Marsh pension fund hit by share collapse

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The Independent Online

More than half the pension fund at Marsh & McLennan, the insurance broker accused of rigging bids to make inappropriate fees from customers, is invested in the company's stock, making the slump in its shares a particularly bitter blow for employees.

More than half the pension fund at Marsh & McLennan, the insurance broker accused of rigging bids to make inappropriate fees from customers, is invested in the company's stock, making the slump in its shares a particularly bitter blow for employees.

Marsh shares lost almost half their value after Eliot Spitzer, New York's attorney general, last Thursday launched a lawsuit alleging the world's largest insurance broker orchestrated a scheme to manipulate customers into taking out more expensive policies than they could have found in the market.

Rivals of Marsh have privately admitted they are circling the embattled broker to tempt away its employees. They believe the hit to Marsh's pension fund could be enough to tempt many to leave at a time when the company's future is uncertain.

Meanwhile the company's UK arm has reportedly hired the giant law firm Freshfields to investigate whether it too could come under suspicion of price fixing and collusion. Bruce Carnegie-Brown, the head of the British business, has ordered the conclusions of the probe within a month, in an attempt to shore up employee and customer confidence.

Marsh writes at least £2.5bn of insurance premiums through the Lloyd's of London insurance market and controls a network of 30 offices across the UK.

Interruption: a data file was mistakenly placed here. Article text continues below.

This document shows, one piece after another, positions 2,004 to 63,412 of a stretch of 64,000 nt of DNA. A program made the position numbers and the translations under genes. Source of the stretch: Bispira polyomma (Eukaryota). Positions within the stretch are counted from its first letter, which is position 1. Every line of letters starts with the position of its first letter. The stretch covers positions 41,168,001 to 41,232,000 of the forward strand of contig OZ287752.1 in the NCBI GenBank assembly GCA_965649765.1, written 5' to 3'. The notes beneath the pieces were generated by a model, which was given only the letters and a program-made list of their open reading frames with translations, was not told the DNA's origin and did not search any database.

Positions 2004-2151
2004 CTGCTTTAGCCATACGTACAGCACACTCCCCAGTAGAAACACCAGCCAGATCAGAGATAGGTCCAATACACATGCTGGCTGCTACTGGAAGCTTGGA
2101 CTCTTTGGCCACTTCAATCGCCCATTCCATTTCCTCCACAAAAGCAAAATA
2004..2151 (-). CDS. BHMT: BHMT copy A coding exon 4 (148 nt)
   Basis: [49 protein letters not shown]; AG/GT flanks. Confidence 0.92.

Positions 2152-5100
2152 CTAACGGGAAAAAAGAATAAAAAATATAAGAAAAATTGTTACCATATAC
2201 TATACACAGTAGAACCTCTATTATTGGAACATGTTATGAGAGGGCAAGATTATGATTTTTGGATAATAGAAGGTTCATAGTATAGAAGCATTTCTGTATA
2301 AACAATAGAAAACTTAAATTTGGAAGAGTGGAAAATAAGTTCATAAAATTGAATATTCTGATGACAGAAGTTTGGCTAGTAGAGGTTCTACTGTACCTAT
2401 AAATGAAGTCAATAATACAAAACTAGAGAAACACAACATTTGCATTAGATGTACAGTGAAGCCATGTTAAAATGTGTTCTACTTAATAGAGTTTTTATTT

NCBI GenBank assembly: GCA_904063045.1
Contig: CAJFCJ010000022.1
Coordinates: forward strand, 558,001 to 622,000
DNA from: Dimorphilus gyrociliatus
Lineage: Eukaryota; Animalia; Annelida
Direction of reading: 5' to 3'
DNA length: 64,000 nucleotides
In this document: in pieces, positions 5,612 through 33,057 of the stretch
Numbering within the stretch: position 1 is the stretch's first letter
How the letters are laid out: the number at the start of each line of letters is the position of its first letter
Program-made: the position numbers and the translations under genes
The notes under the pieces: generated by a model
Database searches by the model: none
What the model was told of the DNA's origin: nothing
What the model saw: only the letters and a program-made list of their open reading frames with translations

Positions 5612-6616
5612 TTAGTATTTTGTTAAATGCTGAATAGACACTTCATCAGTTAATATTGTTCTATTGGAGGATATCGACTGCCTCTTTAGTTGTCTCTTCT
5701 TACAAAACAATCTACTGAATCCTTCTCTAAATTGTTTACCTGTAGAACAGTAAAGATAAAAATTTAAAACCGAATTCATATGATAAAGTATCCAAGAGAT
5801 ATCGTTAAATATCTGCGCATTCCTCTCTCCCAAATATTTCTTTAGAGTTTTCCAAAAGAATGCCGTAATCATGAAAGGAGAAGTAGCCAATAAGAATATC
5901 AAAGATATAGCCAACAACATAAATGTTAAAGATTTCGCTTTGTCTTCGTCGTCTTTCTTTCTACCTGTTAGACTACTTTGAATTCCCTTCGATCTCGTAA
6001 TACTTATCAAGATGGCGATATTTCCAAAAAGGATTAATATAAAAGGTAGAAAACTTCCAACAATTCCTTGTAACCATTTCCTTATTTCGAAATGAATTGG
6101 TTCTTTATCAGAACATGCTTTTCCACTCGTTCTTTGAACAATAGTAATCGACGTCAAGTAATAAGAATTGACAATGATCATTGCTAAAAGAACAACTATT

Industry insiders said Marsh would have problems persuading staff not to abandon the company because the US broker is well known for paying middle-ranking employees as well as senior executives in stock and stock options as well as cash.

A senior insurance broker at another company said: "They will lose people. If you have got lots of stock options at $58 and your share price is $30, you are not going to be happy."

Marsh shares closed at $46.13 on 13 October, the day before Mr Spitzer announced the investigation. They were trading at $26.79 on Friday, having recovered ground on speculation that the company's independent directors were preparing to oust Jeffrey Greenberg, the chief executive. Marsh would not comment, but it seemed increasingly likely that Mr Greenberg would step aside within days.

Four Marsh employees have already been suspended in the wake of Mr Spitzer's lawsuit.

Employees of scandal-hit companies have suffered a double blow because of the impact on their pension funds before. The most notable example was in the case of Enron, where thousands of staff not only lost their jobs just before Christmas but also much of the value of their pensions because the energy giant had invested its retirement heavily in Enron's shares.

While pension fund managers were encouraged to cut the amount of the parent company's stock in the fund after the Enron debacle, the practice is still pursued by many major US corporations.

Meanwhile, the US press reported that Mr Spitzer was considering widening his probe into other potential conflicts of interest across the insurance industry, including allegations of bid-rigging, collusion and the misuse of arbitration proceedings for customers.

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